Who has the even-strength edge?
In four regular season games, the five-on-five shot attempt, shot, scoring chance, and high-danger chance differentials were as follows: Vegas plus-two, San Jose plus-six, San Jose plus-five, and San Jose plus-two. The Golden Knights outscored the Sharks 9-6 at even strength in regulation, largely on the back of a .942 five-on-five save percentage compared to Martin Jones and Aaron Dell’s .909.

Both team’s starting goaltenders are coming off of historic first rounds, which makes controlling the run of play that much more critical. Whichever team gains an advantage, no matter how small, will move itself closer to advancing.

Will Marc-Andre Fleury falter?
Speaking of historically performing goaltenders: Golden Knights goaltender Marc-Andre Fleury is in the midst of his best season as a starter. He missed most of the first two months with a concussion, and ultimately started the fewest games as a No. 1 in his 14-year career.

That may have been a blessing in disguise, because Fleury’s arguably never been fresher at any point in his career. He now has a .935 save percentage (.937 five-on-five, per Corsica Hockey) in his last 19 playoff starts dating back to last season, so don’t necessarily expect Fleury to revert to his past, poor postseason form. If he does, though, the Sharks will have an opening.  

How healthy is Brent Burns?
After not participating in the morning skate ahead of Game 4 last week, and skating before but not during the next two practices, the reigning Norris Trophy-winner returned to practice on Monday. Head coach Peter DeBoer told reporters that Burns could have played in a potential game on Sunday, but this time of year is as notorious for injuries as it is for the tight lips about their circumstances.

Burns scored a goal in Game 1 and pumped a team-high nine pucks on net, but only got six shots off and assisted on a goal over the next three. He still led the team in five-on-five shot attempts, as well as attempts across all situations, of course, but a healthy Burns represents one of the true points of differentiation between San Jose and Vegas, so his status is worth examining.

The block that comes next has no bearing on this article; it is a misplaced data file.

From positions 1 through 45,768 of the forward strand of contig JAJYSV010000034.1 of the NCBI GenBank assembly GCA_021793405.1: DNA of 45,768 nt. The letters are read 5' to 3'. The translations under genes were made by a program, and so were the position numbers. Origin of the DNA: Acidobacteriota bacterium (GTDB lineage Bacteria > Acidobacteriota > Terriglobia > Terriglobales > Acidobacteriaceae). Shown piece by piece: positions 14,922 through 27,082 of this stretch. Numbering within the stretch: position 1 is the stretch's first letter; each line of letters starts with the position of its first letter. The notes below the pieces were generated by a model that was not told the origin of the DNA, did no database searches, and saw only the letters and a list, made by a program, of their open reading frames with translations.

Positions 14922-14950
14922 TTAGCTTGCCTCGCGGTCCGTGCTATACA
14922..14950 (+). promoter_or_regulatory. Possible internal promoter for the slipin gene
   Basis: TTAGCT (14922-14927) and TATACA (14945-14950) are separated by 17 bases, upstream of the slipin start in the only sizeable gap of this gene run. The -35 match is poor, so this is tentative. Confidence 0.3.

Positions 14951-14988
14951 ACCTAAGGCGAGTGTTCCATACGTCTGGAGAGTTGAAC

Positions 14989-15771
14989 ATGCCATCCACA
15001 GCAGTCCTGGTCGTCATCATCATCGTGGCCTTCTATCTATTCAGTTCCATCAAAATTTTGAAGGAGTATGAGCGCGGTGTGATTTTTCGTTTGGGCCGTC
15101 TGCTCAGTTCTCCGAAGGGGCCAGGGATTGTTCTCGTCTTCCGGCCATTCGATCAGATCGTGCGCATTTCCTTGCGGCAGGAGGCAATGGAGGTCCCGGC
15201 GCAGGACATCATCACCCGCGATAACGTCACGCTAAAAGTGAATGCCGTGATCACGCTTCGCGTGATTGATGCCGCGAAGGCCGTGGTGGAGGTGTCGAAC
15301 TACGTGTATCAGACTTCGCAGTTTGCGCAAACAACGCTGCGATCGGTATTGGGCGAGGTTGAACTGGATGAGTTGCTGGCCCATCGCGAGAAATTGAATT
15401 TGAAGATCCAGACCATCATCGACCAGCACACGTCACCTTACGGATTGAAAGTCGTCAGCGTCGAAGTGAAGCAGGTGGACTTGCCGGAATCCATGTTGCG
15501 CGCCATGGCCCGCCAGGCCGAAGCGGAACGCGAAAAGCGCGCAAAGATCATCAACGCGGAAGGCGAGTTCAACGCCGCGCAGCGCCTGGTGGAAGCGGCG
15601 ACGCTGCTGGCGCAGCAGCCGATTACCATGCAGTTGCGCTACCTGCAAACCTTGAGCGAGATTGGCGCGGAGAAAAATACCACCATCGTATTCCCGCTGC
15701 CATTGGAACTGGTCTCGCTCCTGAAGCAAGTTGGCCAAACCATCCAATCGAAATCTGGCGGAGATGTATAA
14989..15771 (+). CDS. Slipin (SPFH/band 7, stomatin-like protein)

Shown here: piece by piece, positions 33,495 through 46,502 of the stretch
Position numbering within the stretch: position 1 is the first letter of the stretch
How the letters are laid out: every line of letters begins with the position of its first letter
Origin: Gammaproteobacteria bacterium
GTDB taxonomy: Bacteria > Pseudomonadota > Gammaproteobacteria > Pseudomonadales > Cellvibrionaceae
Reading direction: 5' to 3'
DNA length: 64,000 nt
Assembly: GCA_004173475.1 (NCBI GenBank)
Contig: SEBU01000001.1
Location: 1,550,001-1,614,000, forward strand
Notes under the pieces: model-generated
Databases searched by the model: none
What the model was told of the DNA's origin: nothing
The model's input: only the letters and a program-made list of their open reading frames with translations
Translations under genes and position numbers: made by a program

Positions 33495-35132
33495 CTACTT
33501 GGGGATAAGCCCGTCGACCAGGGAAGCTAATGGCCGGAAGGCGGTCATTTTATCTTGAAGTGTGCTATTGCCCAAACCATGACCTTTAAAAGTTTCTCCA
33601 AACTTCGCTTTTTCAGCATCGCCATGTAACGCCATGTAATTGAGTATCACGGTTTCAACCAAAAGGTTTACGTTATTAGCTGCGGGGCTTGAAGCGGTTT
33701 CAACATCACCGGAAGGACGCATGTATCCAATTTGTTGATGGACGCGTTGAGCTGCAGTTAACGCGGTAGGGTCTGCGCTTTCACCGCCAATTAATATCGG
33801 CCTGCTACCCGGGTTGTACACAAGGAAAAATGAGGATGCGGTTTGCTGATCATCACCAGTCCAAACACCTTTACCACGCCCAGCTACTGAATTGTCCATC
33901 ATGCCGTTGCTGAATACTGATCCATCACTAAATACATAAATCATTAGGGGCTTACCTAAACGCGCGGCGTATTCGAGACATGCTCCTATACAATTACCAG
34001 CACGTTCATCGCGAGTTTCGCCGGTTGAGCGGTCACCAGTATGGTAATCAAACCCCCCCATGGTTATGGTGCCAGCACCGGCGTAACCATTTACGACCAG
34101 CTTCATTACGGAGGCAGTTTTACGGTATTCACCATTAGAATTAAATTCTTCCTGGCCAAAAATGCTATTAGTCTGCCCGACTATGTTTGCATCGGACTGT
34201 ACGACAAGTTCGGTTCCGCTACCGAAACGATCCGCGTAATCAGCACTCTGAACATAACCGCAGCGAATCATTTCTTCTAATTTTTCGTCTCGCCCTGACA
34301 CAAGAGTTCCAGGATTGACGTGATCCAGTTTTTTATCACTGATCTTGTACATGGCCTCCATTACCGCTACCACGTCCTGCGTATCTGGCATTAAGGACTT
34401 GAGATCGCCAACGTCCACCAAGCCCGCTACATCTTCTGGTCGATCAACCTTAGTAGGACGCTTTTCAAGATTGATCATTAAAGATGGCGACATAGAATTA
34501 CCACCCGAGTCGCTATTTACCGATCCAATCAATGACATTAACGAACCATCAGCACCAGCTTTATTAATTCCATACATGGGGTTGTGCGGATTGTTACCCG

When will the Golden Knights power play start finishing?
Since March 30, a game after the Golden Knights scored two power-play goals for the second consecutive contest, they have converted on just two of the last 26 power-play opportunities. One of those was on a five-on-three, as the league’s 11th-best power play has gone drier than the Nevada desert.

Vegas has actually attempted almost 10 more five-on-four shots per hour and generated an additional expected goal per hour in the last nine regular season and playoff games compared to the preceding 73, according to Corsica Hockey. During that time, the expansion club has scored on just over three percent of its five-on-four shots. The Sharks have to be careful not to awake a sleeping giant.

Can the Sharks win in Las Vegas?
Only 12 teams won a game at T-Mobile Arena this season. None repeated the feat, and the Sharks were not one of them. San Jose lost by a goal in both trips to the strip, most recently in March when William Karlsson pulled a ‘Hertl’ and gave the Golden Knights the Pacific Division title.

Both losses came under anomalous circumstances, the first a day after Thanksgiving and the second at the end of a four-games-in-six-days road trip, and the Sharks are thus still searching for their first-ever road win against Vegs. They won’t travel to Sin City under similar duress in the postseason, but will have to win (at least) a game on the road against the Golden Knights in order to advance to the Conference Final.

Sharks to open second round Thursday

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AP

Sharks to open second round Thursday

The Sharks know when they'll open the second round of the Stanley Cup Playoffs. T

San Jose will face off against the Vegas Golden Knights in Game 1 of the second round at 7 p.m. PT on Thursday, April 26 in Sin City, the NHL announced Tuesday. The league also announced start dates for the three other second-round series, but did not announce any games beyond that.

Game 2 will "likely" occur Saturday at 5 p.m, according to Golden Knights owner Bill Foley. 

Game 1 will be televised on NBCSN. Sharks Playoff Central will air on NBC Sports California at 6:30 p.m. leading up to puck drop, with a postgame edition to follow after the final horn on the same channel.